The country’s hard-won welfare state system is in reverse gear, with rights and social justice being handed back to charities, as was the case in pre-constitutional Spain.
Sólo el 35% de los mexicanos estarían dispuestos a emigrar a EE.UU. aunque tuvieran la posibilidad de hacerlo.
Interview with Michalis Attalides.
Entrevista a Daniel Lacalle, gestor de fondos de inversión y autor de “Nosotros los mercados: qué son, cómo funcionan y por qué resultan imprescindibles”.
Entrevista a Samuel Galler, alumno del prestigioso programa Rhodes especializado en Desarrollo Internacional.
Interview with Samuel Galler, a Rhodes Scholar and rising figure in the study of International Development.
The concern today, especially for Washington, is to keep the European utopia alive for as long as possible.
Spaniards are now rejecting the cynical confiscatory policies that aim to bailout an insolvent system managed by morally-insolvent politicians.
“Civilized societies should recognize that healthcare is a government responsibility” –Richard J. Roberts
Interview with Richard J. Roberts (1993 Nobel Prize in Physiology or Medicine).
«Las sociedades civilizadas deberían reconocer que la salud es responsabilidad del estado» –Richard J. Roberts
Entrevista Nobel de Fisiología o Medicina (1993) Richard J. Roberts.
Esperanza Aguirre’s announcement last Monday that she will step down as leader of Madrid’s regional government comes at a delicate time for Prime Minister Mariano Rajoy.
As the crisis deepens, there is still a window of opportunity for Spaniards to turn to gold as a means to protect their wealth against the risks of increased foreign exchange volatility, forced re-denomination, or even a total currency collapse.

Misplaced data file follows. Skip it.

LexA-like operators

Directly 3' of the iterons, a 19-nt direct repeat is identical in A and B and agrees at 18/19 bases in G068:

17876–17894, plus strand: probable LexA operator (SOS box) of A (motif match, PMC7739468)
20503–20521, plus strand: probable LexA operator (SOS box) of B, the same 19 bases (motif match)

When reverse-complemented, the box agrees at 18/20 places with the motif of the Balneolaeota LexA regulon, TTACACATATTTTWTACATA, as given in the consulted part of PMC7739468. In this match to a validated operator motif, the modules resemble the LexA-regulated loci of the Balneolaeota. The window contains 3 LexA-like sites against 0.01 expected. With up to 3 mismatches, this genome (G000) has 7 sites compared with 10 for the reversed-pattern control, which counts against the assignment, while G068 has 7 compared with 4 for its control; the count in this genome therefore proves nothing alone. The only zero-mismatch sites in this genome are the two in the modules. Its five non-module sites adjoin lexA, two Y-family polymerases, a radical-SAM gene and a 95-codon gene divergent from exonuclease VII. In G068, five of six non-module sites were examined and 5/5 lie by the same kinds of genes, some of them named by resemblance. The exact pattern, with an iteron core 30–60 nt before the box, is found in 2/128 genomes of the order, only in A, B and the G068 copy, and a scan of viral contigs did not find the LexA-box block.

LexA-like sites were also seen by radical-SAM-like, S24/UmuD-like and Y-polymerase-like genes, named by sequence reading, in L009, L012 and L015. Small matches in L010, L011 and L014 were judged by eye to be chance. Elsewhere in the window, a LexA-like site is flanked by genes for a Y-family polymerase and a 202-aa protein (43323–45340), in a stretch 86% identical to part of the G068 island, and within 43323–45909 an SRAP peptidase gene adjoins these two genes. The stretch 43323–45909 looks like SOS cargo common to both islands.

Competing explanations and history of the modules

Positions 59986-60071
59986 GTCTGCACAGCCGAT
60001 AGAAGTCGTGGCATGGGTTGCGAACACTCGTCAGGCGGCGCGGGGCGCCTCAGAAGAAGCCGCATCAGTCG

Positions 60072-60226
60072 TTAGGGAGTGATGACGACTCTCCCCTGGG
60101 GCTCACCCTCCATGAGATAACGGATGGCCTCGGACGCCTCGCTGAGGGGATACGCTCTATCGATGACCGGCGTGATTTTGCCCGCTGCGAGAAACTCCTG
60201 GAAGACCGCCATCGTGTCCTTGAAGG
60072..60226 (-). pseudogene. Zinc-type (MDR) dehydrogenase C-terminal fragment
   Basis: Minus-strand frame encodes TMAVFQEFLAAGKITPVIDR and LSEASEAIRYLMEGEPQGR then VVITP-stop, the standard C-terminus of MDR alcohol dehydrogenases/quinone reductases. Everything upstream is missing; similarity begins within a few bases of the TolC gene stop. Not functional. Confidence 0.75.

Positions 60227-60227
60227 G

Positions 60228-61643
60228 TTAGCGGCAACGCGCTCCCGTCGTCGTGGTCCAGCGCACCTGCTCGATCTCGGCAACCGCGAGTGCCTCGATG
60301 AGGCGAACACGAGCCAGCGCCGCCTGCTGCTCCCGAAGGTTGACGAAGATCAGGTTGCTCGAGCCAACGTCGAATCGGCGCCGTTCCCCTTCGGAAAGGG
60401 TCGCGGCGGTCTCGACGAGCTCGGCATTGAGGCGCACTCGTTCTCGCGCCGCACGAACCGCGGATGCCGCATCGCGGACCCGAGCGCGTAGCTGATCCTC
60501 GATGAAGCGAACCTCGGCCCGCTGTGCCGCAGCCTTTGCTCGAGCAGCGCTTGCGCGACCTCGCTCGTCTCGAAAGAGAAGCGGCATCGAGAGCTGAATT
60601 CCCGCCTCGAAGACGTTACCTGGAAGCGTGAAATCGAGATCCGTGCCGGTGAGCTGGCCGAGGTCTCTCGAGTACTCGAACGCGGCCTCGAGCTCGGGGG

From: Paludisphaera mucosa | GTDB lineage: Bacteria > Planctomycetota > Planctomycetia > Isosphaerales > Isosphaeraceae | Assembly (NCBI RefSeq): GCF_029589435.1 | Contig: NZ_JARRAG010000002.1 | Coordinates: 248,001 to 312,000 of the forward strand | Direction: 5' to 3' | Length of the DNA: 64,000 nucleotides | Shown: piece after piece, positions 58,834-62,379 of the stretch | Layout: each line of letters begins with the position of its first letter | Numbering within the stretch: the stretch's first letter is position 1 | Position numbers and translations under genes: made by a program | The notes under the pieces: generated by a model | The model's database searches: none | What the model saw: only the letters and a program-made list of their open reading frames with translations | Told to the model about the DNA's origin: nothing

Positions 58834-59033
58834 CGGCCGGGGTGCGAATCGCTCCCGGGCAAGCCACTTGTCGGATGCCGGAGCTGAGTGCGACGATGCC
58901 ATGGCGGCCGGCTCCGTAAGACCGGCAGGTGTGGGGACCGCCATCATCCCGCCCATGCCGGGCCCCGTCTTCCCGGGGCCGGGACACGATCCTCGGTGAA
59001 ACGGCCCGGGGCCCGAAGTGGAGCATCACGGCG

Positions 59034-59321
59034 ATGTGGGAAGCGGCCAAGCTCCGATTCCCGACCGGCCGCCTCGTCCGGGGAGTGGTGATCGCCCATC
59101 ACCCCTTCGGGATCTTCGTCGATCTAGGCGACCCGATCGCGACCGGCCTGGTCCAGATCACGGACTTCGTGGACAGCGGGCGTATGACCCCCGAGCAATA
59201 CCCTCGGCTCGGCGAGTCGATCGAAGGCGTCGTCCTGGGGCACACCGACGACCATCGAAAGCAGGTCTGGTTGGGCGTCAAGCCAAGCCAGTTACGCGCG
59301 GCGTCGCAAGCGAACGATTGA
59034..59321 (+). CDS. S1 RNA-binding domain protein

CIS poll confirms PM’s rapidly deteriorating popularity.
Spanish Prime Minister Mariano Rajoy’s systematic adoption of policies that are in complete breach of the promises which took him to power only a few months ago are casting doubts on the legitimacy of his political leadership.
As national economic indicators continue to confirm an even more painful future with record-high unemployment and unabated economic stagnation, one can only ask how much longer such stability will last.
It is time to stop thinking in terms of impossible rescues and “compacts,” and demand that our European leaders adopt a more responsible conduct at their upcoming summit rather than sitting down to their customary European “beggars at the feast” spectacle.
This election result should be understood as the Greek citizens’ last effort to deliver the democratically-backed “pro-euro” political leadership that Brussels and Berlin have so adamantly demanded.
Mexico is right to keep an attentive eye on the banking crisis unraveling in Spain.
As it happened in Mexico 18 years ago, Spain’s banking system’s woes seem to be setting up the stage for a self-fulfilling prophecy of Mayan proportions.
Among the many questions raised by Bankia’s nationalization in extremis, there is one that cannot go unanswered: who is responsible?